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Argument recap: Court wrestles with the definition of “report”

Eric M. Fraser is the Executive Director for Research for the Committee on Capital Markets Regulation. The views expressed herein do not necessarily represent the views of the Committee.

DISCLOSURE: Mr. Fraser is the author of an article on the question presented by this case; he spoke briefly with counsel to the respondent regarding the article but has not obtained any confidential information or represented any party or amicus in the proceeding.

Schindler Elevator Corp. v. United States ex rel. Kirk, argued on March 1, 2011, presented the Court with a question that is simple to state but difficult to answer: What constitutes a government report or investigation for purposes of the public disclosure bar of the False Claims Act? Specifically, is a response from a federal agency to a request for documents under the Freedom of Information Act (FOIA) a report or investigation? If it is, then a private party may not use information contained in a FOIA response as the basis for a suit under the False Claims Act.

Several Justices were particularly interested in using three types of documents and disclosures as test cases for the parties’ proposed definitions. In the first example, a private person or corporation creates a document and files it with an agency. If the agency collects those documents, and then mechanically searches for certain documents and discloses them in response to a FOIA request, has it created an “administrative … report” (a term which has been interpreted to mean “government report”)?

The second example is a statement by an agency, in response to a FOIA request, that it found no responsive documents. The Department of Labor responded in this manner to some of the FOIA requests at issue in this case.

The third involves a document that an agency creates on its own, but which involves merely mechanical or algorithmic tabulation. For example, each federal agency must compile annual reports listing various metrics about the agency’s FOIA requests and responses, including the volume of requests and median response time.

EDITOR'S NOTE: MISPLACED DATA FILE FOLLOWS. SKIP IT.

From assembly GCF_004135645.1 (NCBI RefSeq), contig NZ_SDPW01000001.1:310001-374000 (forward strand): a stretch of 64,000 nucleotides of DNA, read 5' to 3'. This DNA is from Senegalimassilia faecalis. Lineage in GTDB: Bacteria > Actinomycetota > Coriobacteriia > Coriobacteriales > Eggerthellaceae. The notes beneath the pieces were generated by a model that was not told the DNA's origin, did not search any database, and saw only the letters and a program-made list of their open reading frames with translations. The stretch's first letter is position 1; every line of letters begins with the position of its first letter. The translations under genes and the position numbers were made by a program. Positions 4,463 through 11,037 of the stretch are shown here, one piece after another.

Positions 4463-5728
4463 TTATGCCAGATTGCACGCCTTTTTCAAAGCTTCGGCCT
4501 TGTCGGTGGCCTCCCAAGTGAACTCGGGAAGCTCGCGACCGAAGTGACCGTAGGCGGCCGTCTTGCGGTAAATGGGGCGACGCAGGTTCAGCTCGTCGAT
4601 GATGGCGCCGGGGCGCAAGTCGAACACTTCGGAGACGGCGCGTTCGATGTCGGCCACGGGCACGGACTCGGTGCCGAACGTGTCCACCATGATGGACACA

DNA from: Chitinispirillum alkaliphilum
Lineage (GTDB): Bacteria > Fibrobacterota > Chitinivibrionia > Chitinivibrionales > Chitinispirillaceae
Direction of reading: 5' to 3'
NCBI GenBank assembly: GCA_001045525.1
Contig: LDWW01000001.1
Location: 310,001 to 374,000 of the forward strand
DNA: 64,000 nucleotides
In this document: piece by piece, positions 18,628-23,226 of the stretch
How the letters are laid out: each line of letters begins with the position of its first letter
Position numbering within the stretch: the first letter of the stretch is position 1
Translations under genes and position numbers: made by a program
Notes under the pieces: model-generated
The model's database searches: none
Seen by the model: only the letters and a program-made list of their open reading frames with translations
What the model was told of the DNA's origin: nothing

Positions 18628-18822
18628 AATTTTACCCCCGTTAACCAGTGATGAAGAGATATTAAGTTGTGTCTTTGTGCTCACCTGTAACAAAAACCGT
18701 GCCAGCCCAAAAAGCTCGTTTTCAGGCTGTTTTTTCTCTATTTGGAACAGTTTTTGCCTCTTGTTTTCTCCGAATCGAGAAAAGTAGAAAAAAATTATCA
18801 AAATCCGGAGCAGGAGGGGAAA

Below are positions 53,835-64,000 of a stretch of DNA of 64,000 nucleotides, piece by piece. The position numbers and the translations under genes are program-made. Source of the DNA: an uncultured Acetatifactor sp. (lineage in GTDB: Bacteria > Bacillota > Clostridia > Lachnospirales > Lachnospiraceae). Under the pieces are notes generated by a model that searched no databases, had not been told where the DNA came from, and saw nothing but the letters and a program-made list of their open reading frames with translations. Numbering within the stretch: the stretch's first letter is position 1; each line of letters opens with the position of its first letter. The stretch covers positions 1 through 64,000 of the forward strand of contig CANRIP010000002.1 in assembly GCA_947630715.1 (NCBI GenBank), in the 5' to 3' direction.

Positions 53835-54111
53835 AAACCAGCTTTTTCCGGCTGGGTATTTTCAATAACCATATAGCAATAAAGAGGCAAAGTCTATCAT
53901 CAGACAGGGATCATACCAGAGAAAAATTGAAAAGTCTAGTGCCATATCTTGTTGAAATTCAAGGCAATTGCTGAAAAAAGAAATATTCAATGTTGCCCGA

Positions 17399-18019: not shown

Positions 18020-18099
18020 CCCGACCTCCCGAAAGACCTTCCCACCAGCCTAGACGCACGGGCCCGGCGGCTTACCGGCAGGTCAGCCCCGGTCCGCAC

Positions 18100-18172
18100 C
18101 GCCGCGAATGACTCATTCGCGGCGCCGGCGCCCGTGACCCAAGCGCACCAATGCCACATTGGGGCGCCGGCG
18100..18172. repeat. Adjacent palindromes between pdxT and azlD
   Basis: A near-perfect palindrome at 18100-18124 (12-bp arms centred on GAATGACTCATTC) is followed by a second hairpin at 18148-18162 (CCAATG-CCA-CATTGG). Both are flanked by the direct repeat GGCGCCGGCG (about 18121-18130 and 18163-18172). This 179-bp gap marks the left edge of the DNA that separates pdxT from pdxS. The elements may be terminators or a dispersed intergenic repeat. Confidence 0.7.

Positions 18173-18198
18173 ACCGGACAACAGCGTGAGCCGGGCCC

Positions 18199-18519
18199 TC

Both parties agreed that the third example is a report, but they disagreed about the first two. Steven Alan Reiss, appearing on behalf of Schindler, argued that a FOIA response itself is a report, even if it discloses privately prepared documents or the conclusion that no responsive documents were found.

Jonathan A. Willens, appearing on behalf of Kirk, argued that a privately prepared document does not become a government report when it is disclosed via FOIA. Willens and Assistant to the Solicitor General Melissa Arbus Sherry, who argued on on behalf of the United States in support of Kirk, also argued that a response with no documents is not a report. Justice Ginsburg succinctly described that position by stating, “If you request a report, then you get a report.”

The Justices, however, did not appear to embrace either party’s proposed definition. Chief Justice Roberts was skeptical that Schindler’s broad definition of “report” maps onto ordinary parlance, and Justice Ginsburg appeared hesitant to declare that a private document becomes a government report simply because it is disclosed by an agency. On the other hand, Justice Alito wrestled with how to apply Kirk’s definition in a way that would classify the third example as a report but not the first two. Justice Scalia, meanwhile, seemed to appreciate how easy Schindler’s definition is to apply. Under that definition, every FOIA response triggers the public disclosure bar.

Several Justices asked questions about how the False Claims Act and FOIA work in practice. Chief Justice Roberts explained that not all FOIA requests involve merely turning over documents; an agency should screen relevant documents for privilege, privacy, or statutory exceptions. He asked whether these activities involved an investigation or creating a report. Justice Sotomayor was concerned about how the parties’ definitions affect the purposes of the False Claims Act, namely uncovering fraud against the government. She was particularly interested in how the statute works if the private party bringing a suit has some knowledge of fraud but uses FOIA to back up the personal knowledge. Justice Breyer inquired into whether the identity of the requester changed anything. Specifically, he asked the government whether a FOIA request from an agency’s fraud officer could trigger an “investigation.”

Overall, many Justices seemed hesitant to adopt a categorical rule that all FOIA responses trigger the public disclosure bar, but they seemed equally hesitant to adopt the definitions put forward by Kirk and the government.

Recommended Citation: Eric M. Fraser, Argument recap: Court wrestles with the definition of “report”, SCOTUSblog (Mar. 3, 2011, 9:40 AM),